But then Saruman amps up the creepy factor, immediately following the invitation with: “For I am Saruman the Wise, Saruman Ring-maker, Saruman of Many Colours!”

When Gandalf saw Saruman, he noticed that he was wearing a ring on his finger, but nothing more is mentioned about that. Saruman had been studying the One Ring, as well as the other Rings of Power, so it’s possible that he made his own (fanboy that he was).

Saruman then makes quite a show of turning his white robe into an iridescent mess incorporating all colors. White, said Saruman, “serves as a beginning. White cloth may be dyed. The white page can be overwritten; and the white light can be broken.”

The white light can be broken? That’s a pretty dark place you’re going to, Saruman. And tomorrow we’ll see just how dark (well, at least a darkish glimpse).

A Few Notes

  • So why include Radagast at all? Probably because Tolkien really wanted to use him. It connects this story to The Hobbit and just makes things more colorful (though brown).
  • The next time I invite someone to crash at my place, I’m going to immediately follow it up with a maniacal list of my traits. “Hey, if you like, you can stay for the night – my couch is super comfy. For I am Eric the Wiseass, Eric Tofu-maker, Eric of Many Cameras and a weirdly large record collection!” All true, of course, but I’ll make sure to raise my arms and sort of shout it at the ceiling. There will also be pointlessly scornful laughter. You’ll see.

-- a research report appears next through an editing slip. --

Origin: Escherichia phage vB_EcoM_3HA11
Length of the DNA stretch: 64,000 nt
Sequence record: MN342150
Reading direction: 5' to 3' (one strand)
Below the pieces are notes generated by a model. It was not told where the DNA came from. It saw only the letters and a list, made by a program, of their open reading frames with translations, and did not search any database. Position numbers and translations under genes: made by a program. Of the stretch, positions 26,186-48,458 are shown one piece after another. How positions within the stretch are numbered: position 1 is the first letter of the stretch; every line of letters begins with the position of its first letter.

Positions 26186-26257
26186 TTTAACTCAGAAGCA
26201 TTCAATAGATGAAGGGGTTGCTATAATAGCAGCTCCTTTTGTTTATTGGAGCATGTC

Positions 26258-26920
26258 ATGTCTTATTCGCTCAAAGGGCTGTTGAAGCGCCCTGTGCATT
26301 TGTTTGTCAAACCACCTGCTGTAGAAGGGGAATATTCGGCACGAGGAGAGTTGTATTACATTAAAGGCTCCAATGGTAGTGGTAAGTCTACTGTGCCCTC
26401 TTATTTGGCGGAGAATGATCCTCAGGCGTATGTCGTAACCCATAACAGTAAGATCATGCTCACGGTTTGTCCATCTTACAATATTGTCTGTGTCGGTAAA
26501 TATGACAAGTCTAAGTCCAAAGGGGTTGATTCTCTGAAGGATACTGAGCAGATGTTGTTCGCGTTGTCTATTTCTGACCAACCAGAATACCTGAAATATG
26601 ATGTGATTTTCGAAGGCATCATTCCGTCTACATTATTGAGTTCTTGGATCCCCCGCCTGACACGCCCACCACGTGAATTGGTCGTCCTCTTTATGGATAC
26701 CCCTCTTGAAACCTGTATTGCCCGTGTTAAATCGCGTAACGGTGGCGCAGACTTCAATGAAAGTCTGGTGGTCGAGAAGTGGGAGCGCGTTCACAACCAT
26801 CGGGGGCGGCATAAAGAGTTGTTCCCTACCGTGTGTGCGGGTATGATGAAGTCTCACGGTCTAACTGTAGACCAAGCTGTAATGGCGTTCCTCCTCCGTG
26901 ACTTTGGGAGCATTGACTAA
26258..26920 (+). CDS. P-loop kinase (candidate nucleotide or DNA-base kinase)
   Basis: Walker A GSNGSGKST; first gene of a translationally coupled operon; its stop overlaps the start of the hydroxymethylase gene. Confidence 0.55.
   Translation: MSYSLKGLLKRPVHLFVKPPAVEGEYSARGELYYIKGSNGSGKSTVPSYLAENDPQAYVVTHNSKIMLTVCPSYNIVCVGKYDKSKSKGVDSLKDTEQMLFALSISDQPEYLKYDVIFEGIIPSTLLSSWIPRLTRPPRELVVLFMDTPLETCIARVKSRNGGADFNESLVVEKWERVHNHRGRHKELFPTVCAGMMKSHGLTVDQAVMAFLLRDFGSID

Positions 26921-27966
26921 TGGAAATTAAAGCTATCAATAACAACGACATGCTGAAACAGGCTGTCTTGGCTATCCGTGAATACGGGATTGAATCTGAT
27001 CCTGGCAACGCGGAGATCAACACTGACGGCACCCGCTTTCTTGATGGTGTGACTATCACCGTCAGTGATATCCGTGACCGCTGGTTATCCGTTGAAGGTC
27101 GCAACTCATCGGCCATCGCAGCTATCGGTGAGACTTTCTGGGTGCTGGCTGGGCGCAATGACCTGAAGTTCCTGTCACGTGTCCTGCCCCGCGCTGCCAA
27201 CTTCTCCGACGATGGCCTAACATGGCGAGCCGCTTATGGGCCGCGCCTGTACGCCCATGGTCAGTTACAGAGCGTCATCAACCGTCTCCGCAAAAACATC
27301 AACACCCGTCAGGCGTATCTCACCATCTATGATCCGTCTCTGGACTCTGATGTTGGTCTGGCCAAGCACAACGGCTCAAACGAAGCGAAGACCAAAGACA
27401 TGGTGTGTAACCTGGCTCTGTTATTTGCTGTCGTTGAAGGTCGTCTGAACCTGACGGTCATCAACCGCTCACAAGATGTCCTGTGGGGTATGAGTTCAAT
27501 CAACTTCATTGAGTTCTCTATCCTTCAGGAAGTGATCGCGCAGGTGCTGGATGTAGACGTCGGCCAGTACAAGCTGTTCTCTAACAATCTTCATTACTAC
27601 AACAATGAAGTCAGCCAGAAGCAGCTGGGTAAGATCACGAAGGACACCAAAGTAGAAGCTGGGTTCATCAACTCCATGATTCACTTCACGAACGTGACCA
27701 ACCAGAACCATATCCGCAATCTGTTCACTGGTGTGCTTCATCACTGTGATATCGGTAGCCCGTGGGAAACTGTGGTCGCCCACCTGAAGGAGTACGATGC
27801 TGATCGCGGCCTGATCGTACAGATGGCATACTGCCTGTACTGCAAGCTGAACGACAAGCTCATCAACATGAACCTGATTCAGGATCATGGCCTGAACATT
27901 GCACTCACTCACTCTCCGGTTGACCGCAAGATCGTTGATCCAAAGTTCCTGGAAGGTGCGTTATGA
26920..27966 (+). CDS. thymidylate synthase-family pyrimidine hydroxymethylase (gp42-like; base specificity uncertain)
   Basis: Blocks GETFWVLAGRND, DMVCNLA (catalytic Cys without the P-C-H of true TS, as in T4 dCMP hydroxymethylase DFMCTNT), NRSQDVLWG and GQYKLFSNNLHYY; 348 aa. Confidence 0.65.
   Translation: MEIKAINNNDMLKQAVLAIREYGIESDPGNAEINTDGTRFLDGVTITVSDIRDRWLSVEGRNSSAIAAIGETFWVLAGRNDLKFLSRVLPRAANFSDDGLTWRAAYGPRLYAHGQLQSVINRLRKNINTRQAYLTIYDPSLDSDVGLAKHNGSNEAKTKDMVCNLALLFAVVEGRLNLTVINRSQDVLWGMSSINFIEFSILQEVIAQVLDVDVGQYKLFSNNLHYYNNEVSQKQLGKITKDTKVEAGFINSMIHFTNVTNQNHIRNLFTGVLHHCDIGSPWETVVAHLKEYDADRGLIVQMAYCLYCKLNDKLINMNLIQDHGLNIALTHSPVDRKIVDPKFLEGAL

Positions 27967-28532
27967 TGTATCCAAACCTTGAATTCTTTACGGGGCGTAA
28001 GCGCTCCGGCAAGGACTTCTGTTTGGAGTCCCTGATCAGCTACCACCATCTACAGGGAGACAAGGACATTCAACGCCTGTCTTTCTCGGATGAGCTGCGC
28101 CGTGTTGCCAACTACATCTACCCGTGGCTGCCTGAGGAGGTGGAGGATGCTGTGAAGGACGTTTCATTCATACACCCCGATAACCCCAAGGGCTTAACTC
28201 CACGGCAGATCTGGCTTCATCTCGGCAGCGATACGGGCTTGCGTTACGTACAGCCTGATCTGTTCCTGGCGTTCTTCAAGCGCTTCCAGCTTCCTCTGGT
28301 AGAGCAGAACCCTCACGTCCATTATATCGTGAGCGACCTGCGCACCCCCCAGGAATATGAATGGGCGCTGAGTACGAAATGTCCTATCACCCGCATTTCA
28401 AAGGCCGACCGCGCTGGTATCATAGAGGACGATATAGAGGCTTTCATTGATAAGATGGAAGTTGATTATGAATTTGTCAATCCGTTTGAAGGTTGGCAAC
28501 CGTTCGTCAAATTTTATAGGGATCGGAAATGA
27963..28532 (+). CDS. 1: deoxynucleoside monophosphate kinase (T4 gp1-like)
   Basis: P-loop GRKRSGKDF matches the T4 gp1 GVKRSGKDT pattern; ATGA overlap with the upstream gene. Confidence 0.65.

Camera: Mamiya C3 Film: FujiChrome Velvia 50 (RVP) expired mid90s

Camera: Mamiya C3
Film: FujiChrome Velvia 50 (RVP) expired mid90s

About the Photo
As I’ve said before, I really do need more photos of towers. They’re just not that easy to come by. This one, however, will do. It’s from the West Virginia State Penitentiary in Moundsville, WV.


  • Day 148
  • Miles today: 5
  • Miles thus far: 731 (277 from Rivendell)
  • 63 miles to the Doors of Moria
  • 190 miles to Lothlórien
  • 1,048 miles to Mt. Doom